TBT – Byther Smith Fires Things Up With “Blues On The Moon”
This week’s Throwback Thursday looks at a blues-funk classic masterpiece from the under appreciated Byther Smith.
Byther Smith is without doubt one of the most underrated guitarists in the world, in much the same way as “The Greatest Unknown Guitarist In The World,” Roy Buchanan. Both brilliant players and excellent technicians, they still remain unknown to many. What a shame. Smith has been fighting adversity, racism, and poverty all his life. He’s fought to get his due as the true master player he’s been for almost six decades now.
Smith was born in Mississippi, and by the time he was 15, he was grown far beyond his years. Eventually he would find himself in New Orleans, and then Arizona. Here he would pursue boxing, and playing the bass, while he worked driving a truck. By the time he was 21, his cousin J.B. Lenoir had provided the final piece he needed to complete his blues toolbox. He told Smith “Play you. Just play you.”
Eventually Smith found himself in Chicago, playing guitar as a sideman with the likes of Robert Lockwood, Muddy Waters, Howlin’ Wolf, and Otis Rush. He quickly gained a reputation as a capable, steady, and responsible sideman, and eventually Junior Wells hired him to play with him at Theresa’s. Smith went on the road with some of the finest artists around including John Lee Hooker, and Lightnin’ Hopkins, and this helped him put six daughters through college.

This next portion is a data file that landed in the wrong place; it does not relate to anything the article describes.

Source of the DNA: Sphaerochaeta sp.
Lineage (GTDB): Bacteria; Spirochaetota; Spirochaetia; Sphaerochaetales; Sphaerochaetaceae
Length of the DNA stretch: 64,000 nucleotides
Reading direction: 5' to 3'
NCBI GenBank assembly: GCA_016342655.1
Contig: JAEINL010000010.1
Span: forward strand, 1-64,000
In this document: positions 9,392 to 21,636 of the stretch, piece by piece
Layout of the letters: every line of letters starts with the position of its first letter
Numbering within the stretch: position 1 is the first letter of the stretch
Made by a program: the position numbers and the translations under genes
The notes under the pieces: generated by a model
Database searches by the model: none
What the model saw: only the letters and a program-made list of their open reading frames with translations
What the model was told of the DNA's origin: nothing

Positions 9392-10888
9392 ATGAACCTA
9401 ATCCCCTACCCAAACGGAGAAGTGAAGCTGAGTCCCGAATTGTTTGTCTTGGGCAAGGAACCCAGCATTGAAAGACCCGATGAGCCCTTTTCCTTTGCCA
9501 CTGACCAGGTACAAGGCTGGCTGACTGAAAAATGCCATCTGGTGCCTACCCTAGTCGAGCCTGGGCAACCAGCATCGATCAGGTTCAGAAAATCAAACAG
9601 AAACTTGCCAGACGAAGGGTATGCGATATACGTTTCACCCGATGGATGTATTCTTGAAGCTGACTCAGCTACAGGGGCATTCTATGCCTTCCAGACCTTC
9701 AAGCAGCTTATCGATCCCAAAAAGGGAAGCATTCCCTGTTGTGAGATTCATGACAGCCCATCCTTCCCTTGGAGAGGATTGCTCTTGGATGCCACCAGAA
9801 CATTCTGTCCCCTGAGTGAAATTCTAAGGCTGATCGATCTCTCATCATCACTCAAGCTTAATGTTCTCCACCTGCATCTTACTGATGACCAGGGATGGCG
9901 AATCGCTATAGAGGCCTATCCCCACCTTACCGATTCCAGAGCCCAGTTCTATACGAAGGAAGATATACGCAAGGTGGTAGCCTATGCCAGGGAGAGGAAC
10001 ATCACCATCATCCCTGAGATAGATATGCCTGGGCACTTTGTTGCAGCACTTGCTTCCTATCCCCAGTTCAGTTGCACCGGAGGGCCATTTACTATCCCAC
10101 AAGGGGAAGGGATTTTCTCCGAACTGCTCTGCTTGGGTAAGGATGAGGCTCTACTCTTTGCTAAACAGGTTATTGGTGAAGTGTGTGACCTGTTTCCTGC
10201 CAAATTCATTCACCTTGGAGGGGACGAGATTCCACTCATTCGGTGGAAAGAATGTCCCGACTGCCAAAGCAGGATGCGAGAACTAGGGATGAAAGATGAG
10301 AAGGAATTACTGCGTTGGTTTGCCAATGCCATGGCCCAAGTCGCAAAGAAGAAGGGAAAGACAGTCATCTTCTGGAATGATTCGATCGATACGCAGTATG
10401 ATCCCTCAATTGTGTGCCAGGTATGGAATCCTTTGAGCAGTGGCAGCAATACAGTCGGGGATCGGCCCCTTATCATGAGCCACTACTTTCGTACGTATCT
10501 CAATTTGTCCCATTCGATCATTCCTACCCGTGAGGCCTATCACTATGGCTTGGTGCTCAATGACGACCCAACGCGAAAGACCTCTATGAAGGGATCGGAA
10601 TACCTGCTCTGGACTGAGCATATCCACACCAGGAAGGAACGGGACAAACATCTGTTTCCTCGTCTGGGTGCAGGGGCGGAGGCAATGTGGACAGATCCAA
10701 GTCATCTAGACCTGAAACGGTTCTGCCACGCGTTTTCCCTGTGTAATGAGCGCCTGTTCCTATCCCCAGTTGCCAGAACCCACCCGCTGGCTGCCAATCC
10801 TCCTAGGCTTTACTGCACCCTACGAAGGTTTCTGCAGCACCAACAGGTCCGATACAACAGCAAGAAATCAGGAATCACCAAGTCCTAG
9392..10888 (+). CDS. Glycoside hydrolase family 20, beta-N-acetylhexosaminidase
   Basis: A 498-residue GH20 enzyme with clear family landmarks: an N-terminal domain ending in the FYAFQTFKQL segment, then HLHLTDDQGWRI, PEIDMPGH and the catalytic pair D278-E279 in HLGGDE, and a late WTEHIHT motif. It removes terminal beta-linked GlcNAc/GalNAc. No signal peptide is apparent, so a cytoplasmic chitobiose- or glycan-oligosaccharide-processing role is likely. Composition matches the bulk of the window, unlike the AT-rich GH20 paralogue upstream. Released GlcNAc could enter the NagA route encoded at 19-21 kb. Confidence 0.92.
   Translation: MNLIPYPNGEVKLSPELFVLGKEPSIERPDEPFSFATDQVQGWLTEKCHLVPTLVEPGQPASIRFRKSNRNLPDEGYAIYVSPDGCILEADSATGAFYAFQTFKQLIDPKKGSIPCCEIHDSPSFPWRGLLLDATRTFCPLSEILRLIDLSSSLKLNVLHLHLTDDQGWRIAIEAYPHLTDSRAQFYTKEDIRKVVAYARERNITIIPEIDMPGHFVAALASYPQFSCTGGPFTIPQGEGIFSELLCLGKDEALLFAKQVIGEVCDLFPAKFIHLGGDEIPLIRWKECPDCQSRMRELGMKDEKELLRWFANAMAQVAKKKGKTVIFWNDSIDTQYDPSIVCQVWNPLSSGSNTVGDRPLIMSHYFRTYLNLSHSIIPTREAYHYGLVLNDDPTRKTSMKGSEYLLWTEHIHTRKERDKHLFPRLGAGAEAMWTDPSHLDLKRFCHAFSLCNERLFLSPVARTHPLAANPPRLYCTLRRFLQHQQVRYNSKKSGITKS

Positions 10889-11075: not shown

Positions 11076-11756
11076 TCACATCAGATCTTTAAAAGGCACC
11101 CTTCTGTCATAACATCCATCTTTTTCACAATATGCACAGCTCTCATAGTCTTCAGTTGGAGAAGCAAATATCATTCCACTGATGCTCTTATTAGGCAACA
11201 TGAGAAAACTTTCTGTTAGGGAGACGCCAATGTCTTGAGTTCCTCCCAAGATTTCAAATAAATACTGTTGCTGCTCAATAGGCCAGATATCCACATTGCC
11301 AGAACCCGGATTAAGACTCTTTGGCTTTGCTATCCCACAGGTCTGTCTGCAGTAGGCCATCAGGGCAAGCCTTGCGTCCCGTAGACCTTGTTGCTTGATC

Blues On The Moon, (Delmark), was recorded live at the Natural Rhythm Social Club in August 2007, and released June 2008, and has Smith and company in fine form, loose, and bringing it hard! The 11 songs here give listeners 66 minutes of powerful, funky, driving, and soulful blues, delivered with feeling and savvy very few artists today can even approach.
There are cuts here that we found particularly inspiring. The opener is a fat and juicy rendering of “Judge of Honor” that really brings the funk, the whole funk, and it is soulful and very real. “Give Up My Life For You” is thumping, driving, rocking, and at the same time has an earthy primitive sophistication about it that will move you. “Hard Times” is a fine example of a guitarist that could play for days and never run out of things to say, and at the same time, not bore us to tears doing it. “Monticello” is supremely pain filled, slow, beautiful blues. “So Mean To Me” features a slow, powerful delivery, with crazy good guitar tone, and it garnered much love from the crowd.
The beauty of Byther Smith is his power, which is just on the verge of bursting forth, coupled with his incredible technique, all wrapped up in an honest, gritty delivery. He never half-steps … ever. Add this incredible piece of blues history to your collection soon.